Mrs. Waid saw petitioner as he approached, and she asked him what was wrong. Petitioner responded that his car had developed engine trouble and he asked for a ride. After petitioner was admitted to the residence, he displayed the knife and pipe, informing Mrs. Waid that he intended to rob her. As he pushed her toward the bedroom, demanding her money, she pleaded with him not to hurt her. Once inside the bedroom, Mrs. Waid opened, and reached into, a black file cabinet, apparently looking for money. Petitioner claimed he thought she was reaching for a gun, so he hit her in the head with the pipe. She fell to the floor. Thereafter, petitioner struck her several more times in the head. He said that he "blacked out" after striking her a few times and that he had "a bad headache." After he had finished hitting Mrs. Waid, petitioner apparently stabbed her twice with the knife.

An autopsy later revealed 17 blunt trauma lacerations to Mrs. Waid's head and multiple fractures of her skull. Two stab wounds, which penetrated Mrs. Waid's heart and lung, were inflicted after her death. The cause of death was multiple blunt trauma to the head.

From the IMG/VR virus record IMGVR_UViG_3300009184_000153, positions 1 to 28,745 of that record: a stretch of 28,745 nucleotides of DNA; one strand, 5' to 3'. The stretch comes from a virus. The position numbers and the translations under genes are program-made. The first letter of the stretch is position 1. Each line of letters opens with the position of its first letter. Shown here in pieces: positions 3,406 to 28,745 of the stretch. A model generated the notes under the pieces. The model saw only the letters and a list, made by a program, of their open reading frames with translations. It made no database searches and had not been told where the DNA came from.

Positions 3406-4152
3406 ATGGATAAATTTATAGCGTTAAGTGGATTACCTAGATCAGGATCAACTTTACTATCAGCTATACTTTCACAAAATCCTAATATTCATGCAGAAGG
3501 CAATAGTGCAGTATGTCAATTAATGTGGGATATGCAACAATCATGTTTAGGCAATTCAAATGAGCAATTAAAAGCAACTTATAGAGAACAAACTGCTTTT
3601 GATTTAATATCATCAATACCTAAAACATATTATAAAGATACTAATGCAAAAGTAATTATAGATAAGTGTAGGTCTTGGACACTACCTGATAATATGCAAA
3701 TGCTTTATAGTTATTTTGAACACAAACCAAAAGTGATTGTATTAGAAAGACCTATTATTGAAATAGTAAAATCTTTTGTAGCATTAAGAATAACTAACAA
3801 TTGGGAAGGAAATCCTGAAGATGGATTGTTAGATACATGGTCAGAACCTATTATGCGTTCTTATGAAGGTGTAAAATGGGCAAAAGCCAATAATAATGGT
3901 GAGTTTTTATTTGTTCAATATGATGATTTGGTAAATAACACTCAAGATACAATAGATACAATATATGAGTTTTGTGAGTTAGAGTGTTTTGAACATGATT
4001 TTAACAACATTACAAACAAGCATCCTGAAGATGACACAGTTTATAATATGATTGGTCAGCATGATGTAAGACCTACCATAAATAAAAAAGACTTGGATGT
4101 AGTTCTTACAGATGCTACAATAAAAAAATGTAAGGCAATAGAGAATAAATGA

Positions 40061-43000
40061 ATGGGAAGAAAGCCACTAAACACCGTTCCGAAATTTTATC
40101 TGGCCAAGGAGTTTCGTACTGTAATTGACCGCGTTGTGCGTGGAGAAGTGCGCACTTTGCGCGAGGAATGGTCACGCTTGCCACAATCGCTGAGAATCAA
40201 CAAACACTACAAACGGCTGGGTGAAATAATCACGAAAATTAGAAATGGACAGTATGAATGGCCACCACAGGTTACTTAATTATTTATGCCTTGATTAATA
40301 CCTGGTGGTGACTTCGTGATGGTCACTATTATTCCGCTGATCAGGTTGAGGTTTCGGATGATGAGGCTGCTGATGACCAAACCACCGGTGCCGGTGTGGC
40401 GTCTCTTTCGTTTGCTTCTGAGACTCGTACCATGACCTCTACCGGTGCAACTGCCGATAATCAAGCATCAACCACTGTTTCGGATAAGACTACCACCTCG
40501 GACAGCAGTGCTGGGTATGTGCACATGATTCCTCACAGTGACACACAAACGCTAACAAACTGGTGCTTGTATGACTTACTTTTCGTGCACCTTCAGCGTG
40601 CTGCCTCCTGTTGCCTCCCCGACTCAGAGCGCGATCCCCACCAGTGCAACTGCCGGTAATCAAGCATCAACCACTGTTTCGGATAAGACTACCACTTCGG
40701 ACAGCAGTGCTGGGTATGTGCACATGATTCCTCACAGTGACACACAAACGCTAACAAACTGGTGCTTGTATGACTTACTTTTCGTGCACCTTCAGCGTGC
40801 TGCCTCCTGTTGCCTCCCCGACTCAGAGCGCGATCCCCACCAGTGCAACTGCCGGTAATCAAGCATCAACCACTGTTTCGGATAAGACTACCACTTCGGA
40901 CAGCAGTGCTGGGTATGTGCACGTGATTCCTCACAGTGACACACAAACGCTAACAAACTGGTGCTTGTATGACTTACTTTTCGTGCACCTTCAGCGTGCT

When petitioner found no moneyor gunin the file cabinet, he ransacked the house. He took Mrs. Waid's purse, which contained $25, went to the garage, and removed his bloody shirt. Wearing a tee shirt, he drove Mrs. Waid's car to the bar where he had left his wife. En route, he threw from the window a pair of gloves he had used during the murder and robbery. At the bar, he had a few drinks with his wife, after which they both returned to their apartment. After his wife had fallen asleep, petitioner drove back to the location where he had left Mrs. Waid's car. Retrieving his bloody shirt, Mrs. Waid's purse, the knife and the pipe from the back of Mrs. Waid's car, he placed the lot in a plastic garbage bag, put the bag in his car, then drove Mrs. Waid's car to the Saloon tavern. He left the car unlocked with the keys in it, hoping it would be stolen. Petitioner hitchhiked back to his car and drove it to Lake Michigan. He threw the garbage bag into the lake, then returned home.